Peter Schmuck: Brandon Hyde was a slam dunk, and rightfully so - BaltimoreBaseball.com
Peter Schmuck

Peter Schmuck: Brandon Hyde was a slam dunk, and rightfully so

Photo Credit: Mitch Stringer-USA TODAY Sports

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Orioles manager Brandon Hyde was an obvious choice to win the 2023 BBWAA American League Manager of the Year award, what with his club’s 101 regular-season wins and his Dirtbags-to-riches story.

The former Long Beach State backup catcher came close after last year’s turnaround season got the O’s to the edge of the playoffs about a season earlier than the front office targeted when executive vice president/general manager Mike Elias laid out the plan to rebuild the team from the ground up. Hyde blew away all expectations by leading his team to its first American League East title since 2014.

Heck, he would have had my vote (if I had been one of the voters) just for embarrassing FanGraphs and all the other preseason analysts who predicted the Orioles would take a step back after over-performing with 83 wins in 2022.

To be fair, nobody really believed back in March that the Orioles would be looking down at all their big, bad AL East rivals at season’s end. The oddsmakers had them as a 50-1 longshot to win the division even after they ran off seven straight wins in mid-April.

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Hyde believed and his players believed and that was no coincidence because of the work he and the Orioles’ coaching staff put in during the frustrating growth years to nurture a winning atmosphere on a club that hadn’t won anything in quite some time. After he got 27 of the 30 first-place votes for this year’s Manager of the Year award, he wasted no time sharing the credit with every player and coach and club exec who helped him get the credit he so richly deserves.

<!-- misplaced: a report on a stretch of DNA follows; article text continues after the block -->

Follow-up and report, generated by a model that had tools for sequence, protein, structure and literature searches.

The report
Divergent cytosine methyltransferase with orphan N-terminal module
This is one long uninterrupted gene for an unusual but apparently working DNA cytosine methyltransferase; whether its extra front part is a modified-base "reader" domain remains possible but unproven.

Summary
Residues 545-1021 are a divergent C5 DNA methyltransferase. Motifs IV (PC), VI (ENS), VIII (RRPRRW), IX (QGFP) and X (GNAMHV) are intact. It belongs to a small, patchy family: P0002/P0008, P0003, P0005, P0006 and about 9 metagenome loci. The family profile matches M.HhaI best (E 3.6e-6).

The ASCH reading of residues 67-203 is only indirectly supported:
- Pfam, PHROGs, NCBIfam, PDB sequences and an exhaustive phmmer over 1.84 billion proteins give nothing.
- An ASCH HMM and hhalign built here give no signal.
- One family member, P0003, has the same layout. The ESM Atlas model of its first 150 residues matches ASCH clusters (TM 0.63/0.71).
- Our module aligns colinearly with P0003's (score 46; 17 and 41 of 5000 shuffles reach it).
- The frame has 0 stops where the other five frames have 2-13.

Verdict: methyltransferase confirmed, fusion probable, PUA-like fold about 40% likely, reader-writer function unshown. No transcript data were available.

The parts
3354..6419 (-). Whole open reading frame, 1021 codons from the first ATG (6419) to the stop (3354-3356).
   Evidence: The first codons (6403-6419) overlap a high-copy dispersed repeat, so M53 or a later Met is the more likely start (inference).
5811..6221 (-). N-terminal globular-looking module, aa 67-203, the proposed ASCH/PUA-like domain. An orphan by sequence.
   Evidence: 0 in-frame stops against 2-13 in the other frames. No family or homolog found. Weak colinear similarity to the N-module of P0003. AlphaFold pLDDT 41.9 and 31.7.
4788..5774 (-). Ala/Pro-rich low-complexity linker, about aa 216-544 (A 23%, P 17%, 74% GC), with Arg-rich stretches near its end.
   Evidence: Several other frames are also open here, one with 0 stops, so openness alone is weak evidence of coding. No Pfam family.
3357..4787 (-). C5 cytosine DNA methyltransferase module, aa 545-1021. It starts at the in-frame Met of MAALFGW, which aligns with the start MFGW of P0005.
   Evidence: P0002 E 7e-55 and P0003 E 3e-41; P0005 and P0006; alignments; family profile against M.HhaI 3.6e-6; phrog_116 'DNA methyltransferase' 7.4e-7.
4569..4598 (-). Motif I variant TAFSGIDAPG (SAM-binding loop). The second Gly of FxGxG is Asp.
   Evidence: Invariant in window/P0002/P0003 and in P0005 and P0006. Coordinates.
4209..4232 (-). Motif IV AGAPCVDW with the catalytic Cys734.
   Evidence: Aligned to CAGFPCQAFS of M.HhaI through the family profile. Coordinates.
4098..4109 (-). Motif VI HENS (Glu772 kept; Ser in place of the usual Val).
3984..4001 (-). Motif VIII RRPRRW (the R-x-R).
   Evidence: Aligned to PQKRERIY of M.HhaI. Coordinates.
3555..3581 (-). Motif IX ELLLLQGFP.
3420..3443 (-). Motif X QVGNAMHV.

What does it all mean?

“It means that our team had a really good year,’’ he said. “I’m just proud of what we’ve accomplished up to this point. And this is definitely not an individual award, and I don’t look at it as that at all. I look at it as a team award, an entire coaching staff award, really an organizational award for what we’ve done here in five years and what we’ve done here the past couple of years.

“I thought we had a really special season. To win 101 games in the big leagues is so hard to do and how we fought for six months and for the team to improve. I’m looking forward to next year already and am really proud of the year we had.”

There were a lot of people who wondered if he would make it this far, considering the fate of some caretaker managers who were put in the same position and replaced with bigger names as soon as their teams registered a pulse. Elias said from the start that everyone was in this together and didn’t blink when the Orioles lost 110 games in Year Three of the rebuild.

Forced to be introspective during Tuesday night’s Zoom conference with the local media, Hyde tried to put into words what he thought were the most important things he brought to the table during the climb from doormat to division champion.

“I want to say patience,’’ he said, “but I think I was guilty a lot of times of not being patient. I think consistent around the players. I think I hid a lot of things from them in a good way. I feel like they always enjoyed the atmosphere we’ve created — and they’ve had a big part in that as well as the coaching staff. I wanted them to know that I was always going to be okay and that if we were consistent, we eventually would be good.

“I didn’t want them to see me too up and too down. Now, those times happened, for sure, but the guy that presented the award (longtime manager and his former boss Joe Maddon) is really who I learned that from the most. How important consistency is and how important honesty is. That’s what players need and want. I think it’s my honesty with players and being as consistent as possible.”

Those early years certainly tested him, but Hyde said he never lost faith that the drastic rebuilding plan would work and that he would still be around when it did.

“During those years, I had confidence we were going to turn this thing around, but you struggle to see when … to see the light at the end of the tunnel, honestly,’’ he said. “Last year, there came a point where you saw the light at the end of the tunnel. You could see that we were able to pitch against the teams we were competing with. We were able to win series. So really, from June on last year, that was a huge turning point for this organization and our big-league club.”

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